Movement professionalization: A positive force for the Grassroots SMO?

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Laurel Holland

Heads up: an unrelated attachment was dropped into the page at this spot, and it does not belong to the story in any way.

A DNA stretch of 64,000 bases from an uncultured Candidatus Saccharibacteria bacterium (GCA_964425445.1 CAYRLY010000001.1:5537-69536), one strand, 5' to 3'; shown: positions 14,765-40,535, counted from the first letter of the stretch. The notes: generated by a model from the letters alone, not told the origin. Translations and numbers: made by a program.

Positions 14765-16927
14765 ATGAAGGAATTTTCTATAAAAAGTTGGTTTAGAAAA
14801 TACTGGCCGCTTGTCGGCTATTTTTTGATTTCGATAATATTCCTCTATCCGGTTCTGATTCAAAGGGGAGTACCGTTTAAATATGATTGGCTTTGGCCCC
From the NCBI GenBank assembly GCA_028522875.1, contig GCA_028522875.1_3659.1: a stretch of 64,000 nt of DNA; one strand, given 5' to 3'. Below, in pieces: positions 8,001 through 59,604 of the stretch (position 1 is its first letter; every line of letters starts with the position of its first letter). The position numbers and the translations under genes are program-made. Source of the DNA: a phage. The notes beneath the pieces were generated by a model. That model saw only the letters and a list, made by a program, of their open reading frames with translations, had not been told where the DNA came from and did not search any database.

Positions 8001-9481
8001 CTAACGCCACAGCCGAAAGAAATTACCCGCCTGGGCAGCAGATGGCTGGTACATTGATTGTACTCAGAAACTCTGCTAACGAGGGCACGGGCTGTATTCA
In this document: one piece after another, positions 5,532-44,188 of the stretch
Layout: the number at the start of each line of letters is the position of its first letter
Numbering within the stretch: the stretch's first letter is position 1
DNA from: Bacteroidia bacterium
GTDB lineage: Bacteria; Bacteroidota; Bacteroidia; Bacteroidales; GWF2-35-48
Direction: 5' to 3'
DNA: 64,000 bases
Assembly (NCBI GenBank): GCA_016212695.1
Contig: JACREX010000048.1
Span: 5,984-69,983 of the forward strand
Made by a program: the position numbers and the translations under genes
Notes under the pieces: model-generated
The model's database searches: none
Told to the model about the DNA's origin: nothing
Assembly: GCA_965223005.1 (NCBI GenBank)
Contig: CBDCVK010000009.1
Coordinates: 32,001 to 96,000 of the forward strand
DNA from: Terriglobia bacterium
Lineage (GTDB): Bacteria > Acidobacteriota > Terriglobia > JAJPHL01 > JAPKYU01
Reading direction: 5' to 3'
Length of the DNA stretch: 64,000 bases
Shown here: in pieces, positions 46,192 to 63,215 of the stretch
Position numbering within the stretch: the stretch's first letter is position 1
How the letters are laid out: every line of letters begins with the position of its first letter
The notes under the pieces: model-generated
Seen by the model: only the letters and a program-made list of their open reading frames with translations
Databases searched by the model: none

The professionalization of a social movement has been a much debated issue among movement analysts. In this work I analyze a grassroots movement, Solutions to Issues of Concern to Knoxvillians (SICK) that has endured for over 19 years with professional leaders working in conjunction with a grassroots membership. McCarthy and Zald (1977) asserted that professionally led movements gain their support from outside sources and have a membership base that is disconnected from the roots of protest. For SICK, this is not the case. While the organization does receive the majority of its funding from large foundations, the membership base remains grassroots (i.e. directly impacted by the issues). My investigation reveals that professional staffs aid the organization in 3 ways: strengthening the grassroots membership base; building budget stability and growth, and generating public appeal for campaign issues and increasing the number of campaigns promoted and initiated. In sum, this study shows that movement professionalization and grassroots involvement/ membership are not necessarily mutually exclusive.

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